Friday, 2 March 2012

Rich Man's Plaything

I have been a fan of Sheffield Wednesday for almost twenty years now, and nothing, until two days ago, has made me consider no longer being a fan. Through relegations and promotions, the ups and the numerous lows, I have followed them, but please consider the recent developments.
The team as of Wednesday lay third in the league, and only two points behind second place.  After a run of three defeats, they had still drawn a home crowd of 36.600 (the highest in the whole football league this season outside the Premiership) for their game against Sheffield Utd, which they won. The chairman, Milan Mandaric then sacked the manager.
This same chairman had only recently been acquitted of tax evasion, but then since he is a very rich man, he would be.  The trouble with tax law is that it is not black and white.  There are lots of different things that you can do in certain situations, and it depends a lot on your motives.  And motives can never really be proven in a court of law, and least not without reasonable doubt.
It got me thinking about how much the world is now nothing more than a rich man’s plaything.  A bit of a leap from a football club sacking its manager you might say, but hear me out.
Sticking with football, a vast majority of clubs are owned by rich men, and they don’t always treat them as they should.  With Roman Abramovitch at Chelsea who also sacks managers for fun, with the problems at Portsmouth and now Rangers, along with other numerous clubs that have been mismanaged financially, with no thought to the human and emotional side which is the fans and which is what keeps the clubs going.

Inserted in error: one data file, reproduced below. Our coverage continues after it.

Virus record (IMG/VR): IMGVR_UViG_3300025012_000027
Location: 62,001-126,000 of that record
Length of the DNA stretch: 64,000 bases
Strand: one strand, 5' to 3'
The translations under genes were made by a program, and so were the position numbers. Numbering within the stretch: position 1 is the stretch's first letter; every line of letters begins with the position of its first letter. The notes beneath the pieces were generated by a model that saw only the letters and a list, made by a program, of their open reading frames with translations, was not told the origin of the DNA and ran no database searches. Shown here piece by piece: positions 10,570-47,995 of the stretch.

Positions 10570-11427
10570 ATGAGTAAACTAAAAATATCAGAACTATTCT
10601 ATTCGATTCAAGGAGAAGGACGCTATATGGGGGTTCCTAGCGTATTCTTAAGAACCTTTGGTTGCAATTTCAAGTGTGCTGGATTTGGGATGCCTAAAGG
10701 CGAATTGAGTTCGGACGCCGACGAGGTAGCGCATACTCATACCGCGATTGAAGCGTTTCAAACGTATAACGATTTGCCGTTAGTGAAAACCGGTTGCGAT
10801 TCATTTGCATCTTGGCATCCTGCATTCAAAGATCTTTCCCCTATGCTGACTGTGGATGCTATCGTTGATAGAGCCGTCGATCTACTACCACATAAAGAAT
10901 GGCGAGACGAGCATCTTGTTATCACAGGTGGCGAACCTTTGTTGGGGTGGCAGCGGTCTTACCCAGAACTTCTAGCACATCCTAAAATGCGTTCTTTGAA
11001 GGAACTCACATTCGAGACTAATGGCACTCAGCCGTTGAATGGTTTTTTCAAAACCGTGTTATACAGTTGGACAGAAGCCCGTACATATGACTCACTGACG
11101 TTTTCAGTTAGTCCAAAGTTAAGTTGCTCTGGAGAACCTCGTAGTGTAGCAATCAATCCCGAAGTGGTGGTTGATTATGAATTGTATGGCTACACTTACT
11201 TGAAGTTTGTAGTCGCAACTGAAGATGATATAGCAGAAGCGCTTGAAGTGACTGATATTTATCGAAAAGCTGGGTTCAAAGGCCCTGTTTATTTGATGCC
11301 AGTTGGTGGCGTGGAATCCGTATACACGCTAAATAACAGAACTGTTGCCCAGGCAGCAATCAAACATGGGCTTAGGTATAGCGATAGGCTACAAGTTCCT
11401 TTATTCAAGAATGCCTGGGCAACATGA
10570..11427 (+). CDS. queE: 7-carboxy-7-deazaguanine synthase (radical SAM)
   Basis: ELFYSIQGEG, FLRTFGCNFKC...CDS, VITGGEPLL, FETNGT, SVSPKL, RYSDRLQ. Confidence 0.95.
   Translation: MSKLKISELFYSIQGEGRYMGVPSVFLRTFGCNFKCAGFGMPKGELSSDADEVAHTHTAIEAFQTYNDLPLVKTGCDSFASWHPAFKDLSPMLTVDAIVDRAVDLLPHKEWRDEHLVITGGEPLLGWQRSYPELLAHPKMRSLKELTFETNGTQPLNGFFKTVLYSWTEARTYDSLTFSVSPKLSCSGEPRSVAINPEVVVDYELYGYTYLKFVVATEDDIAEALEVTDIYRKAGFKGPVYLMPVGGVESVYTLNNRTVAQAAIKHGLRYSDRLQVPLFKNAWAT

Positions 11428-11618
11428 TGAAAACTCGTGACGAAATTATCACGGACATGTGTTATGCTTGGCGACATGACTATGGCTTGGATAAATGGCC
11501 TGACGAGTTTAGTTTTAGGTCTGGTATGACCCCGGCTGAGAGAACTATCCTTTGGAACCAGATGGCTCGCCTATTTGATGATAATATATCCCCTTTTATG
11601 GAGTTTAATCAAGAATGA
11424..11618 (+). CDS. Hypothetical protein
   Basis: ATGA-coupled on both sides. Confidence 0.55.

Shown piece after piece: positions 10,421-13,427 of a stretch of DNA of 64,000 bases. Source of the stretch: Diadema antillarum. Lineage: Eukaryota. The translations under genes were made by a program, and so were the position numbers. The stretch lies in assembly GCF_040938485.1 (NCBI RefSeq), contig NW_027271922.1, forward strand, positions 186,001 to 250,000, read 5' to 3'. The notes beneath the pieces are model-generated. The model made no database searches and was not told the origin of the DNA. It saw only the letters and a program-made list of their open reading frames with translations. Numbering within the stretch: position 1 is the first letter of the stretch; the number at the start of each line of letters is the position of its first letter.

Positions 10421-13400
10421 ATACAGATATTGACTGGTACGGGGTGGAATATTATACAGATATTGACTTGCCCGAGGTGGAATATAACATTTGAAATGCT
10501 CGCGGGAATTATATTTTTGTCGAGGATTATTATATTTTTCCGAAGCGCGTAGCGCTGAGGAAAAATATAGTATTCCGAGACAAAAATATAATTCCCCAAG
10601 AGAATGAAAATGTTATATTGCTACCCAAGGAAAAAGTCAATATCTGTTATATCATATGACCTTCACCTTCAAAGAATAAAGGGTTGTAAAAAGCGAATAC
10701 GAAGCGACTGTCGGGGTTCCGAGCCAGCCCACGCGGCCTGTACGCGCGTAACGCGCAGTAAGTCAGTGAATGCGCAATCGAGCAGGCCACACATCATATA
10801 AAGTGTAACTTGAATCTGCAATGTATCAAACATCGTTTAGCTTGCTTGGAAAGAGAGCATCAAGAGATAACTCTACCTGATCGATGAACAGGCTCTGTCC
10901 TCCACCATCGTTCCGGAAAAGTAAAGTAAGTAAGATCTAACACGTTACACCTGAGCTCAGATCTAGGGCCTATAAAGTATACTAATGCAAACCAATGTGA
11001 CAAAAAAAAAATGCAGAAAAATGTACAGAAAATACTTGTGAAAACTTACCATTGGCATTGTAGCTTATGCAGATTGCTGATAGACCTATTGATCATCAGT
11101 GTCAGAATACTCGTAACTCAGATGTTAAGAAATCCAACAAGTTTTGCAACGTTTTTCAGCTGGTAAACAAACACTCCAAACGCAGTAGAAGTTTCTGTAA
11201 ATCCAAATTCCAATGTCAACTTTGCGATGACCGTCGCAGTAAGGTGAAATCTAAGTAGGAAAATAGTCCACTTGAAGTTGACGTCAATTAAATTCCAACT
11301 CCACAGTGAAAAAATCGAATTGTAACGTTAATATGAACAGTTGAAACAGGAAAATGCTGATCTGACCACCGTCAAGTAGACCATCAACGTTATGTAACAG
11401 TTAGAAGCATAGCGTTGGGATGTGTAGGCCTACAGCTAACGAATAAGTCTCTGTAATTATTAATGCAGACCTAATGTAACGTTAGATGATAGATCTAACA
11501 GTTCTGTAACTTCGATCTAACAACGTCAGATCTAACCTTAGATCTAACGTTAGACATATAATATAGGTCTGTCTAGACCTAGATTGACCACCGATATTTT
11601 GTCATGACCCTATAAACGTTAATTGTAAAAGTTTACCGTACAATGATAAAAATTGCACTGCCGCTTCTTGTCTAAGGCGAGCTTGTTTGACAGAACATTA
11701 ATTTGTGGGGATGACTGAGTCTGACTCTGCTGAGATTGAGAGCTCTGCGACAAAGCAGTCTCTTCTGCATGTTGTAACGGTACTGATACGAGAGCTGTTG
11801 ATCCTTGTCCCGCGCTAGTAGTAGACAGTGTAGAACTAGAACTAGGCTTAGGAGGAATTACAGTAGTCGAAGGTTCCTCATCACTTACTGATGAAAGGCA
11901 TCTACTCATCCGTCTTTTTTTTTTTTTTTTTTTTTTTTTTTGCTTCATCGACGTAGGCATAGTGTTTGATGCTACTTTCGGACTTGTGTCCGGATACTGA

Then there are the oil companies who happily ruin ecologies all over the world, and the banks who constantly gamble with other people’s money and as we have seen with the recent crash, their lives and livelihoods too.  It’s rare to find a politician (especially in the UK) who isn’t a millionaire and of course there are the media moguls and the advertisers who constantly tell us what we can read and see, and more importantly what we can’t.
We have all become the baby brother who is thrown out of the sandpit, forced to stand by and watch as the older brother accepts payment for his friends to soil into what should be ours to enjoy, before they all go off and destroy someone else’s toys.  How we stop them, sadly I have no answers for.

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